Interview with José Pimentel, Venezuelan peasant leader and land defender

By William Camacaro, Program Coordinator

We had the opportunity to meet with an iconic leader of the Venezuelan campesino movement in the city of San Carlos, Cojedes, Venezuela. José Pimentel is a well-known defender of land rights. For this reason Pimentel has been the target of at least three assassination attempts by large landowners.

While there is no consensus on the true number, it said that hundreds of peasants in Venezuela have been assassinated for defending their legally sanctified rights to the land they work. Some estimate that more than 500 peasants have been murdered for their compliance with the land law, while not a single person behind these assassinations is in prison.

One of the lands recovered by the Cojedes farmers under the leadership of Pimentel was a farm called El Charcote, a 12,950 hectare plot that Agroflora, a subsidiary of the Vestey Group, claims to own. The Vestey Group is a multinational corporation (founded by Lord Vestey, the 56th richest person in the UK) that owns 13 farms in Venezuela alone, as well as land across the entirety of South America.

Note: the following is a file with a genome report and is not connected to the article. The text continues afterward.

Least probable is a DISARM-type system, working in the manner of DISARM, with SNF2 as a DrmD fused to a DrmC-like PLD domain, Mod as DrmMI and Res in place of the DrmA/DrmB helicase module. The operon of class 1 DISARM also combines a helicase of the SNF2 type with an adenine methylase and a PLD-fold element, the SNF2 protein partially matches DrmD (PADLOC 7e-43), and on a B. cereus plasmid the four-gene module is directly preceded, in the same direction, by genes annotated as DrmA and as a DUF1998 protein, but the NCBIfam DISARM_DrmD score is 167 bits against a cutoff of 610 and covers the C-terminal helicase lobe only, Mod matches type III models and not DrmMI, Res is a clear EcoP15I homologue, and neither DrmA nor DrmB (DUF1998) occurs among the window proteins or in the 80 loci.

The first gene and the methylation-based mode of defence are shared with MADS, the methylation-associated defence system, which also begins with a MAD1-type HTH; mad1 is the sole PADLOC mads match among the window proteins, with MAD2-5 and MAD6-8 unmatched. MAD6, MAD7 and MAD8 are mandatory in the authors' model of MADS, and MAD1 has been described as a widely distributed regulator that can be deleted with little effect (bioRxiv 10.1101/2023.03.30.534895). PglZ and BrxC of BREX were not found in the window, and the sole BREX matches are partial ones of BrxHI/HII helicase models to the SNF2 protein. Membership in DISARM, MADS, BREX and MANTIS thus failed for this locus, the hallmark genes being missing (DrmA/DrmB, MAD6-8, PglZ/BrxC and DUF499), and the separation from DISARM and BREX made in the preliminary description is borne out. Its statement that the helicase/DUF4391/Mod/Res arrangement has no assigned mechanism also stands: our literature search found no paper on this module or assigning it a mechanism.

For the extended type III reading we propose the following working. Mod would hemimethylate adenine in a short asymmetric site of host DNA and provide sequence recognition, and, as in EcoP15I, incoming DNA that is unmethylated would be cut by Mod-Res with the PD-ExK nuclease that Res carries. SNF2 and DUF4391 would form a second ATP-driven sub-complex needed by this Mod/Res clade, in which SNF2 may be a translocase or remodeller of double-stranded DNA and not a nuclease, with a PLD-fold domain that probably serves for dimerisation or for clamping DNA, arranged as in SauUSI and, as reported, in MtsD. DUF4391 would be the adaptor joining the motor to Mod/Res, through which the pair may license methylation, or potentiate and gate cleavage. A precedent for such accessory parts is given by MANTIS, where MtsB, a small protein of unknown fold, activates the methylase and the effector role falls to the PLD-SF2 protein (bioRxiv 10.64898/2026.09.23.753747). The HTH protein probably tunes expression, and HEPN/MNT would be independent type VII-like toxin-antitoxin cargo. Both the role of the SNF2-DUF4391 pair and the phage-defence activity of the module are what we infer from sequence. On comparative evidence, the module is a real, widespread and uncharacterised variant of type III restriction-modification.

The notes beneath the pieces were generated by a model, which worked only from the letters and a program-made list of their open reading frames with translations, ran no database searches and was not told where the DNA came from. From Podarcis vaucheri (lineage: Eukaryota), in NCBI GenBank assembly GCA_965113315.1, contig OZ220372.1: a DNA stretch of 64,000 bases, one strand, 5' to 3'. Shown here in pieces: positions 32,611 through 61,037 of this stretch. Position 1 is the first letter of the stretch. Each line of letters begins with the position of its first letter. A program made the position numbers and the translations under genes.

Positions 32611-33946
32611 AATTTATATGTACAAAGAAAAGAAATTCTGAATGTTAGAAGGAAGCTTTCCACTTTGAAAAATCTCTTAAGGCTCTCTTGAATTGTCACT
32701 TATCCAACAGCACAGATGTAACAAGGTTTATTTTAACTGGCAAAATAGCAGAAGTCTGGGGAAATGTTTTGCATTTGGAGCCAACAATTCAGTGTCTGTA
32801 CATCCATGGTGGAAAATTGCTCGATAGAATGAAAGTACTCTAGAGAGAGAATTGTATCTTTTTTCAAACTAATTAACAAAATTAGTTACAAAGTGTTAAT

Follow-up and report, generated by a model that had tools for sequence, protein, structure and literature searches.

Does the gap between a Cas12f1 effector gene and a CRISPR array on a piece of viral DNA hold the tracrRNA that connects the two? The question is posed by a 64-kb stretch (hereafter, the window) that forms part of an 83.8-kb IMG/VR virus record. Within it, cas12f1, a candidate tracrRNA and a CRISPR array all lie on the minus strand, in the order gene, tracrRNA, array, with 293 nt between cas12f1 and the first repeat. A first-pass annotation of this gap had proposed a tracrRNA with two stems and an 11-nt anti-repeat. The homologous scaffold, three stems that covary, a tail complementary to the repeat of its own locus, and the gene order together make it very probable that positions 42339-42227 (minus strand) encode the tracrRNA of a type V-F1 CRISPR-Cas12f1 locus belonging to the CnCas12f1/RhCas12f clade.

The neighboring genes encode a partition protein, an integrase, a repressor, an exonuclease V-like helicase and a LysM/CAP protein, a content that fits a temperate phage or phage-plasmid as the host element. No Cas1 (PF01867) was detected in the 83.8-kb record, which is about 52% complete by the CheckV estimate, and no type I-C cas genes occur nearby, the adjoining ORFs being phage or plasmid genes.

In an article published in the New York Times on January 10, 2005, journalist Juan Forero mentions how productive that farm was long before the farmers took it. What the journalist does not mention is that all the production from that farm went directly to London and that all the products were organic. The “owners” of the farm, seeing that they were going to be expropriated, proceeded to kill its cattle and sell the meat in the UK while destroying the farm’s infrastructure. That same article accuses Venezuelan peasant leader José Pimentel of being an “invader”.

The last attack on Pimentel’s life was in the cafeteria of the National Land Institute (INTI) in the capital of the Cojedes state, San Carlos. In that last attack, he received several bullets in the chest and two shots in the head. His crying daughter told us that he had lost brain mass. After awakening from a months-long coma, Pimentel couldn’t speak or recognize his friends. He could not even sit on his bed. Three years after that terrible attack, I met with Pimentel expecting to see him in a wheelchair and struggling to speak. My surprise was to see a talkative, coherent man who waved his arms vigorously in the air, who drives his car without any type of device, who walks only with a cane and still organizes occupations of vacant land.

Pimentel has always said that the land is for those who work it. He adds that despite everything, “We cannot leave Maduro alone! We must shelter him and protect him! The revolution cannot die.”

José Pimentel is one of many anonymous heroes of the Bolivarian Revolution. His legacy will not be forgotten.